hair, household plants, pets, things like that which can be tremendously toxic. >> absolutely. as you saw it was a fairly robust presentation as it is. >> it's phenomenal. >> we wanted to make sure we hone in on a particular type of material to start and we can move on. ideally as you saw, we're really just focusing on easy victories in the home, things that are going to be cheap and effective for everybody to access and then, yes, moving on to other sources of toxicity given the next step obviously. if we can get this message out to the public and then move on. >> that's what i really wanted to know is all the things i'm doing wrong taking care of my house plants personally. [multiple voices] >> the next meeting, yes. >> thank you very much. >> thank you. commissioner king. >> so, when this was set up, this was originally done for the watching audience.
all of you wonderful people that could be watching and can't get down to city hall because life prevents you from coming down here after you've worked a full day. and, so, with that being said, i'm asking for this presentation as robust and wonderful as it is, i am asking for some discipline from the people up here and the people in the audience to know that this was a presentation that is part of the road show of our outreach team and our department environment. you were here today to witness the debut of sfe live. [laughter] >> in your homes. and, so, i would ask everybody that if you're watching this and you've got questions, do one or two thing. one, if you're the watching audience, you should call 355-3700. did i say that correctly? >> um-hm.
>> 415-355-3700. >> send us a twitter, a blast, sf environment and reach us there. >> right. let us know that you watched. if you are here tonight, whether you are a commissioner or in the audience, i would then suggest -- and you saw something that you really liked and you want to talk about in the future, we can make it a future agenda item and focus in directly on that. other than that, i would plead with you -- because some of you are here for other things that are on the agenda that we have some discipline, that we watched a fantastic presentation and that we can move on to the rest of this great agenda. >> thank you, commissioner king. commissioner wald. >> i'll talk fast. i want to say like others, these were fabulous presentations. the fact y'all are out there in the community giving these to
people, to our neighbors and the businesses that we deal with, is really fantastic. >> thank you. >> about the plastic bags, the work that you're doing puts all the burden on the restaurant owners. i wondered if you have given any thought to educating san franciscans about what they ought to expect when they go to restaurants after october. >> absolutely. we have a parallel communications plan for residents of san francisco. so, last fall when the first phase of the ordinance went into play, we had a blitz of over, i think it was over 60 corner transit hub outreach events where we have teams giving out reasonable bags from our canvas bags. they were doing pledges, making folks take photos with pledges, i pledge to use reusable bags. an exciting fall campaign, talked to residents. we look to do it october 1st when the ordinance goes into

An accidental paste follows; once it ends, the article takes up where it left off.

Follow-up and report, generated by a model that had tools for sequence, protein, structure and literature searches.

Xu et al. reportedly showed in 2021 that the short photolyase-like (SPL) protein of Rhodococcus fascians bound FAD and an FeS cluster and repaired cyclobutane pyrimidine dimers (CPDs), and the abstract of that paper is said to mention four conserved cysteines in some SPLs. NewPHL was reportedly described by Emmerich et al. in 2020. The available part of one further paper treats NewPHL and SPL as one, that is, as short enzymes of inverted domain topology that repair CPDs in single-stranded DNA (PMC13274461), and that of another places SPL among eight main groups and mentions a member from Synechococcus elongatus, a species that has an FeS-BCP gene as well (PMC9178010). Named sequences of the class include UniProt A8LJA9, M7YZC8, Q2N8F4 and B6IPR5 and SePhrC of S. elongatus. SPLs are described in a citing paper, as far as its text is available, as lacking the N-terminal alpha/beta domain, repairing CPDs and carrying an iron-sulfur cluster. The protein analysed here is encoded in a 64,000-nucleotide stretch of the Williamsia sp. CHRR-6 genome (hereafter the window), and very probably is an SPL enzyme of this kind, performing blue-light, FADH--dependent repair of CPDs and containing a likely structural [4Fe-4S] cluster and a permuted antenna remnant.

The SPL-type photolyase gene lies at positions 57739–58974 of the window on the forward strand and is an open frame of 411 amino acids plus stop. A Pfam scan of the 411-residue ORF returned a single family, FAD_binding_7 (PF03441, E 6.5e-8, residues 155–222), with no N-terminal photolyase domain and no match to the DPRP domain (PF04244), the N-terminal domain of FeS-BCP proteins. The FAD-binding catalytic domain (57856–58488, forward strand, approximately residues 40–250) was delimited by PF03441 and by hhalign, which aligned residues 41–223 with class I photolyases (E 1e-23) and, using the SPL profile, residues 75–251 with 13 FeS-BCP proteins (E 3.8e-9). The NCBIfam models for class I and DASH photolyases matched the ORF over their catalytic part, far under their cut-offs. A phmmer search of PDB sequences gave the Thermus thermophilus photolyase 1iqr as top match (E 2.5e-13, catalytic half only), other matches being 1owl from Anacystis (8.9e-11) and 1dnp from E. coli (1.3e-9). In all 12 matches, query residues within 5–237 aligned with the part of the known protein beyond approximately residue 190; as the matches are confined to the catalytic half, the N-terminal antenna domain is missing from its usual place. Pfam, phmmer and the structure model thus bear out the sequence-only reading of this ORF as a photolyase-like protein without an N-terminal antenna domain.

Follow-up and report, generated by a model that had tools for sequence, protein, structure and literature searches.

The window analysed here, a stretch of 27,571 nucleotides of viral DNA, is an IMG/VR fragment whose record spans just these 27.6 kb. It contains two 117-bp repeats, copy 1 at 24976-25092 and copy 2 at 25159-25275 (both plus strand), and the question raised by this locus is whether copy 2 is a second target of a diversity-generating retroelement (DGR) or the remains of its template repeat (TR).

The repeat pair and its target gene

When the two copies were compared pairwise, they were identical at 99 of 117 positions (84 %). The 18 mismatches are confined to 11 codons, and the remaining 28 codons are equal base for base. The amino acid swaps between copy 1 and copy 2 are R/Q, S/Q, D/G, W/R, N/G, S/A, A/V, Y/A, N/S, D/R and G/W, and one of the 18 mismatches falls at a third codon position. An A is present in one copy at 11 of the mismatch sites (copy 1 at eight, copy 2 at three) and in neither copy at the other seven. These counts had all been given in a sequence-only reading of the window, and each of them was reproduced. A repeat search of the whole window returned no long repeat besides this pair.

effect. you're right, part of this ordinance isn't just the plastic bags, but it's also getting residents of san francisco to bring their own bags. that is a big element of our campaign. today our department has in its history given over 100,000 canvas bags. so, we've really continued to promote the reasonable bag element and we will continue to do so. that will be a strong push in the fall. >> that's wonderful. and then the question i had about sraddha's wonderful presentation, could you sort of give me a sense of the venues at which she would make that presentation? is that what you do when you actually go into an individual house? or is that more typical of like a group -- a homeowners meeting or something, a tenants meeting? >> this particular presentation is a new presentation, but it will be geared towards public housing residents in san francisco.
we have made similar presentations at housing authority type meetings for tenants. and also for the hope s.f. leadership academy. so, it tends to be a group of public housing residents who gather in a room where we give the presentation. >> great, thank you. thank you both for those. >> commissioner, thank you. donnie has put in a lot of work on this. and before we go to public comment, maybe a quick thought from our director. >> i also just wanted to chime in and thank donnie who has done a fantastic job leading up our outreach team, our guest, donnie, and clark and sraddha for the fantastic presentations. as you saw, the message is clear, it's practical, it's actionable and that's what we want to get out into the community how they can participate. but also i think it was underscored in public comment, we really stress on being culturally competent and putting as many of our materials into -- as the new